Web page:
Enhanced diagnostic immunofluorescence using biopsies transported in saline
Centre for Blistering Diseases, Department of Dermatology, Groningen University Hospital, Groningen, the Netherlands
BMC Dermatology 2004, 4:10 doi:10.1186/1471-5945-4-10Published: 27 August 2004
The demonstration of tissue-bound immunoreactants by direct immunofluorescence microscopy (DIF) is a valuable parameter in the diagnosis of various autoimmune and immunecomplex-mediated skin diseases. For preservation of tissue-bound immunoreactants, biopsies are usually fresh-frozen in liquid nitrogen or transported in Michel's fixative. But even optimally preserved tissue specimens are no guarantee for the correct diagnosis by DIF, especially when weak to moderate IgG fluorescence of the epidermal basement membrane zone is involved. In such cases false negative results are easily obtained due to the relatively high dermal "background" fluorescence produced by polyclonal anti-human IgG fluorescein conjugates.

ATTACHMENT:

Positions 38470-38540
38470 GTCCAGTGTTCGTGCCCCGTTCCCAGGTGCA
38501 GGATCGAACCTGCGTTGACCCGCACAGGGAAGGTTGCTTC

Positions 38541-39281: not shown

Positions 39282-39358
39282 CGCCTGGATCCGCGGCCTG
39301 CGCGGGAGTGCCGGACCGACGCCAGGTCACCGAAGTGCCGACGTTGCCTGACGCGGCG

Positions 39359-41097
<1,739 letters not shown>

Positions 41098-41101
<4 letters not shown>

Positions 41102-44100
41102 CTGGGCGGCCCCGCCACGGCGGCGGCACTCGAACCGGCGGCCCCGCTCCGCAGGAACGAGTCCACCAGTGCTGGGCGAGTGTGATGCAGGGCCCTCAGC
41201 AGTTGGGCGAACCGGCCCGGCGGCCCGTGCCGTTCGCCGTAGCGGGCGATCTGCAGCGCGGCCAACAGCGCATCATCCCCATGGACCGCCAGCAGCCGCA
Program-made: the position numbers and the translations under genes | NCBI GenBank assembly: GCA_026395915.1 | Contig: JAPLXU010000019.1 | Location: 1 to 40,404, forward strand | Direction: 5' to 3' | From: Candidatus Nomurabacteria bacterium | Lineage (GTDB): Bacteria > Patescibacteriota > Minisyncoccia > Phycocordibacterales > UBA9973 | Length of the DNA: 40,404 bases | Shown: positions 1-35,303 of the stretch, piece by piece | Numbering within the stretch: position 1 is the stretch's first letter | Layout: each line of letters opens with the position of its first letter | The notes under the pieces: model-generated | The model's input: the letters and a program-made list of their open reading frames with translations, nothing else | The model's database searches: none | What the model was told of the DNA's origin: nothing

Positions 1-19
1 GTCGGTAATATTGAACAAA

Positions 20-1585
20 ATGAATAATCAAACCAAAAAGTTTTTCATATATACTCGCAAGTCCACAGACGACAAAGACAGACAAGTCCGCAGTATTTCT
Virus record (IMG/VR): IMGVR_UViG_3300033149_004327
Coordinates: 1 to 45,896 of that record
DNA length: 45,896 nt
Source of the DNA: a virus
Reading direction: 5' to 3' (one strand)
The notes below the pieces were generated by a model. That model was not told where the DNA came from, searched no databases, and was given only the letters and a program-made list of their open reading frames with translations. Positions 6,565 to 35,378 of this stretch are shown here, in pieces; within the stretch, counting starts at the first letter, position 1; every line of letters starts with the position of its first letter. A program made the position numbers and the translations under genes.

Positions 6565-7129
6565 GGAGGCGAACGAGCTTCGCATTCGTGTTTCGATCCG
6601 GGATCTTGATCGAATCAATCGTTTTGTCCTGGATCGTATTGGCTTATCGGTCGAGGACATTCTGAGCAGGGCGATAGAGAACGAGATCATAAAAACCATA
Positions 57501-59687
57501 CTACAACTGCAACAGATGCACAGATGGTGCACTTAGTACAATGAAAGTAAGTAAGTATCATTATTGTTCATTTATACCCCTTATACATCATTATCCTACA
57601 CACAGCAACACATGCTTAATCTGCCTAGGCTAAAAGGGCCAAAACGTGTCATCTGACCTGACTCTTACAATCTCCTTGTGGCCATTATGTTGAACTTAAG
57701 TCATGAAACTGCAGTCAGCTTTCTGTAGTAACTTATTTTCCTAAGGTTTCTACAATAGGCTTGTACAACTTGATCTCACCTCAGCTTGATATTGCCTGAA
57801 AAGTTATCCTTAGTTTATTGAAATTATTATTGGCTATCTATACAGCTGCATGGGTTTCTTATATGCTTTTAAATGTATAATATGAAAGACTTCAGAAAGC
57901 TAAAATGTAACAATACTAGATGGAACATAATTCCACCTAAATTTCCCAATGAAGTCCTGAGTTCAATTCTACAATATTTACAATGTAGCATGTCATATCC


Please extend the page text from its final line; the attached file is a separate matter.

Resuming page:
In the present study we have compared the use of normal saline (0.9% NaCl) with liquid nitrogen and Michel's fixative as transport medium for skin biopsies. From 25 patients with an autoimmune skin disease (pemphigus, pemphigoid, lupus erythematosus and vasculitis) four matched skin biopsies were obtained and transported in either saline for 24 and 48 hours, liquid nitrogen, or Michel's fixative for 48 hours.
Direct IF microscopy showed significant reduction of background fluorescence (p < 0.01) and relatively enhanced desired specific (IgG, IgA) staining in biopsies transported in saline. A conclusive or tentative IF diagnosis was reached in 92% after 24 h saline, 83% after 48 h saline, 68% after freezing in liquid nitrogen, and 62% after 48 h Michel's medium (n = 25).
We conclude that transporting biopsies without freezing in normal saline for 24 hours is an adequate and attractive method for routine IF diagnosis in autoimmune and immune complex-mediated dermatoses. The superior results with saline incubation are explained by washing away of IgG background in dermis and epidermis.